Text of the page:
Democrats resist plan for new student aid agency

Education Secretary Betsy DeVos aims to spin Federal Student Aid into a separate agency.

Education Secretary Betsy DeVos  (Tom Williams/CQ Roll Call file photo)
Education Secretary Betsy DeVos (Tom Williams/CQ Roll Call file photo)
Posted February 25, 2020 at 10:35am

Buried within the Education Department’s fiscal 2021 budget request is a proposal that would transform student loan financing.

Originally raised by Education Secretary Betsy DeVos at the end of 2019, it aims to spin Federal Student Aid — the branch of the Education Department responsible for overseeing student loan financing — into a separate agency.

[After months of delay, DeVos touts limited student loan forgiveness plan]

The office manages a loan portfolio worth nearly $1.5 trillion, and is effectively one of the country’s largest banks. In a press briefing following the budget release, DeVos and other department officials highlighted the proposal, arguing it would depoliticize the student loan financing process.

“The best we can do for our students, families and taxpayers alike is serve them, free from political influence,” said Mark Brown, chief operating officer of Federal Student Aid. “Our mission keeping the promise of education to America’s students is far too important to be subject to shifting political winds.”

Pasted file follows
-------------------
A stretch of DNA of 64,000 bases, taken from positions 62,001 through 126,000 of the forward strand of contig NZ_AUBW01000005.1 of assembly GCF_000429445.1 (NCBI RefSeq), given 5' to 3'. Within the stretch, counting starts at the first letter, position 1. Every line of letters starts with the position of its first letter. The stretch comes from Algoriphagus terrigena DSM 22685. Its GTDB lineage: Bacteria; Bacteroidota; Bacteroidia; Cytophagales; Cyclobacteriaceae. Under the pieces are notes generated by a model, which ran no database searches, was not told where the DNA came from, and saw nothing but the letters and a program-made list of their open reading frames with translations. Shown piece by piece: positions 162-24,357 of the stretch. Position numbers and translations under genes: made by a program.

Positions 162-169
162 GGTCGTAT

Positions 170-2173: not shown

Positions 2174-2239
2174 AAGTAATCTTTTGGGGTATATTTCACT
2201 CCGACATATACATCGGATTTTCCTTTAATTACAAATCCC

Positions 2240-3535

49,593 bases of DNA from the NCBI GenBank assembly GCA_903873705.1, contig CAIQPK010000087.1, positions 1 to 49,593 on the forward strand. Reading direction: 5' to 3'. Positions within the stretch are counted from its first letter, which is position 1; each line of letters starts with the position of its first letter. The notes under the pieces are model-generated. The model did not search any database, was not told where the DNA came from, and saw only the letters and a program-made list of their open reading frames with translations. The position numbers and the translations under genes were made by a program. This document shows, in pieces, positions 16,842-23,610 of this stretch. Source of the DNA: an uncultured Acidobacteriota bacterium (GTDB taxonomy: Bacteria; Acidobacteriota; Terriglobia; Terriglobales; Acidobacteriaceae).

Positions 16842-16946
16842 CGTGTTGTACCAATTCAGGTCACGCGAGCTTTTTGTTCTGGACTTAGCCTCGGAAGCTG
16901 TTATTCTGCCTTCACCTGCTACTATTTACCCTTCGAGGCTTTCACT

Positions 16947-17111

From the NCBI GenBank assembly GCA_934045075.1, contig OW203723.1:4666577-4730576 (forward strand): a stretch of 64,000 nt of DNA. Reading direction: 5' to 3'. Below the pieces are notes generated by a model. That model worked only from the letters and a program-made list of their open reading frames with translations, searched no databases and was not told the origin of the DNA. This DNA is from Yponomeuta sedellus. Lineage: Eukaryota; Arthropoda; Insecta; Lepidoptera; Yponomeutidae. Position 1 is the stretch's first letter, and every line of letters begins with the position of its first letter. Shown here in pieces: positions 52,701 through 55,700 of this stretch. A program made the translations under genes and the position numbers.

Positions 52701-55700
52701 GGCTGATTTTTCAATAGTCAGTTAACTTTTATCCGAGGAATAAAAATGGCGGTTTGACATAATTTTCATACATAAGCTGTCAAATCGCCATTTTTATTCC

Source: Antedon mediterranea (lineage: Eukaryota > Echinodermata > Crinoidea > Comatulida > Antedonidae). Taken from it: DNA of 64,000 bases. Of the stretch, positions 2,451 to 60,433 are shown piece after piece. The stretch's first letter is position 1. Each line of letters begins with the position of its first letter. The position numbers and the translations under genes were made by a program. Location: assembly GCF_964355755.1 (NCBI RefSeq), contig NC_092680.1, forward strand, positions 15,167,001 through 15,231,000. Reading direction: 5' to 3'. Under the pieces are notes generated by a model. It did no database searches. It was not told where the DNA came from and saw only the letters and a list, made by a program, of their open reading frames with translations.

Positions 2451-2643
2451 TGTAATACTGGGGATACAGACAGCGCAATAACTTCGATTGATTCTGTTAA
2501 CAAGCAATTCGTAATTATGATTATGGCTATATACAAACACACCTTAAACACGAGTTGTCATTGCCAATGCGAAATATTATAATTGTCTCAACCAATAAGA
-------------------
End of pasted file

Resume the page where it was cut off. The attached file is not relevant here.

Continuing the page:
The proposal would restructure Federal Student Aid into an independent government agency, managed by a board of governors. “Now, I’m not so sure the federal government should monopolize student lending, but if it does — and, for now, it essentially does — then it must provide services on par with world-class financial firms,” DeVos said at a speech at the Federal Student Aid Conference in December.

Democrats are already criticizing her plan.

“The Federal Student Aid office should already be putting students at the center of its work and should already be free from political whims,” House Education and Labor Chairman Robert C. Scott, a Virginia Democrat, said in a statement. “There’s nothing that could be done with a new agency that can’t be done today.”

But the National Association of Student Financial Aid Administrators is hopeful about the idea, and believes it could earn the support of Republicans and Democrats alike.

“I hope what it means is that at the end of whatever this process looks like, we have an agency that is more responsible to students and schools and other stakeholders,” says Justin Draeger, the group’s CEO.